But ultimately this is a story of redemption. Scrooge will be transformed. First, though, he has to be shocked into recognizing the barren waste of his spiritual life – by spirits. First, the ghost of his departed partner, Jacob Marley, comes calling, his face emerging from the doorknob. Marley conjures forth the mistakes of his own life and then summons, in turn, the three spirits that will complete Scrooge’s journey from miser to benefactor – the ghosts of Christmas past, present, and future.
One of the most harrowing moments comes when Scrooge is forced to witness a future that is unmediated by his change of heart and Tiny Tim dies. In 1867 Dickens did a reading of the story in Boston and the passing of Tiny Tim, it was reported, “brought out so many pocket handkerchiefs that it looked as if a snow storm had somehow gotten into the hall without tickets.”
Dickens was a master of heart-wrenching pathos because he felt every pain as he wrote. I remember being appalled that he killed off Little Nell in The Old Curiosity Shop. It seemed gratuitous and counter-intuitive in a story that had already inflicted more than enough suffering. But he wanted no easy ending and it was hard on him. He said, “I am breaking my heart over this story, and cannot bear to finish it.” (Nell was modeled on an old love, his wife’s younger sister, Mary Hogarth, who died in her youth.)
He was hard up when he wrote A Christmas Carol. Royalties on earlier work were slow coming in, his stories were being pirated because the copyright laws were rarely enforceable, he had had a row with his publisher and supervised the publication of this story himself, spending so much that the margins were thin.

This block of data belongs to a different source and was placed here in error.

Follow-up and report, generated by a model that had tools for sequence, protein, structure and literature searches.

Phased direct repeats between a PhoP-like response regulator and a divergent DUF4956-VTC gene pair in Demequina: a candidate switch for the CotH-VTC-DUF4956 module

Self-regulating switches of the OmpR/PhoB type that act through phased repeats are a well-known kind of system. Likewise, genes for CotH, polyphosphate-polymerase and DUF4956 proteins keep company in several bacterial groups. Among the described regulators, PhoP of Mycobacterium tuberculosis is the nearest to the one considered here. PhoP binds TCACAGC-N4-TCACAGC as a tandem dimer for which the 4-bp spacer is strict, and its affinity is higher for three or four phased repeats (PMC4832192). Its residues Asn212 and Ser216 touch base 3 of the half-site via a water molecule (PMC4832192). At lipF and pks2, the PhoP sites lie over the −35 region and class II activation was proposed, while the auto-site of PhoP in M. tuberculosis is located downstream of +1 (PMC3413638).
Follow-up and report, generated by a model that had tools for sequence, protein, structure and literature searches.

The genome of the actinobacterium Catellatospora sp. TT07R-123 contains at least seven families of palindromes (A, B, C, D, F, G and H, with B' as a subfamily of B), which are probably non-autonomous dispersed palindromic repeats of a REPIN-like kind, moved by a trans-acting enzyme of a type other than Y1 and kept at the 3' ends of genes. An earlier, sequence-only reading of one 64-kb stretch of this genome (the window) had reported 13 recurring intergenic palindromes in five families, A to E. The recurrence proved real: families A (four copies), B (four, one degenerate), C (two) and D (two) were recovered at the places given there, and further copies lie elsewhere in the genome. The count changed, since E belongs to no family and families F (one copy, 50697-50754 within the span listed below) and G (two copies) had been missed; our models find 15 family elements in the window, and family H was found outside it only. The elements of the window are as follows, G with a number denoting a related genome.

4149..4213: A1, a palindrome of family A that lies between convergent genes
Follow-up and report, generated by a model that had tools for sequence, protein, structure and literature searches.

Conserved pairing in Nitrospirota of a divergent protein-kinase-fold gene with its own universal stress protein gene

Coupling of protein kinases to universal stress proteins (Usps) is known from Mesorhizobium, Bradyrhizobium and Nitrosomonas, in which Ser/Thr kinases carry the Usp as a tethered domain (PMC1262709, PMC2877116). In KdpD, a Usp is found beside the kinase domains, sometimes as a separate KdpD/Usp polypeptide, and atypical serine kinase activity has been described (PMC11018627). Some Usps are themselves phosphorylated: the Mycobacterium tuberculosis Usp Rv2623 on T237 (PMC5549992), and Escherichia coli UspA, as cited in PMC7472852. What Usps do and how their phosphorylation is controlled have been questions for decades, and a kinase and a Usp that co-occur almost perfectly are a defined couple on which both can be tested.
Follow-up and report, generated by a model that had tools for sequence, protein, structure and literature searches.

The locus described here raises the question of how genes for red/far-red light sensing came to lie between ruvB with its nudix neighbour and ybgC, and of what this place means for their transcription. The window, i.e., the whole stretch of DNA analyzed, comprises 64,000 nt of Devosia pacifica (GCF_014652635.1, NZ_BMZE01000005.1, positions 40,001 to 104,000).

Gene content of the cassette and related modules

But the final lines were to prove uplifting for him and many millions of readers, as we bid farewell to Ebenezer Scrooge: “….and it was always said of him, that he knew how to keep Christmas well, if any man alive possessed the knowledge. May that be truly said of us, and all of us! And so, as Tiny Tim observed, God Bless Us, Every One!”
During the Christmas of 1843 and well after it, letters poured in from readers who said the book had been read aloud to whole families and took a special place on their shelves. They recognized that although Scrooge was an old man the message was equally instructive for the young – a warning not to slip into self-imposed and self-centered isolation.
And so, as we approach Christmas of 2014, we should consider who might most benefit from being reacquainted with such a tale of miserliness and conversion?
My choice is that it should be required reading by those who run the city of Fort Lauderdale, Florida. They already know what their sin is. It has been seen on videos that went viral. A 91-year-old World War II vet, Arnold Abbott, founder of Love Thy Neighbor Foundation, was arrested several times this fall for feeding homeless people on the city’s beach.
Fort Lauderdale has worked hard to shake off its past as a favorite spot for spring vacation bacchanalia. The city protests that a beach is not a suitable place to feed the hungry. The problem is, that is where they are. This month a judge intervened and granted a 30-day temporary stay on police action against Abbott. The whole thing is a public relations disaster for the city’s leadership, and I suggest that they follow Tiny Tim’s advice, go to the beach, join hands and sing God Bless Us, Every One.
Finally, a score or so of films have been made of the story, some called A Christmas Carol and others, simply, Scrooge. My favorite is the 1951 version starring Alastair Sim as Scrooge. It was perfect casting. Alastair Sim had jowls like melting candle wax, a snarl like a cornered cat and eyes cold with contempt. And yet, as the dead return to chastise and shame him, this visage undergoes a remarkable softening so that by the end he is a dancing, entrancing life and soul of the party.
Although a hit in Britain, the movie flopped after opening at Radio City in New York. Gradually, though, over the years it has become judged by critics as the best evocation of the story, on equal footing for a filmed Dickens story with David Lean’s version of Great Expectations. Both would make for great Christmas viewing. God Bless Us, Every One.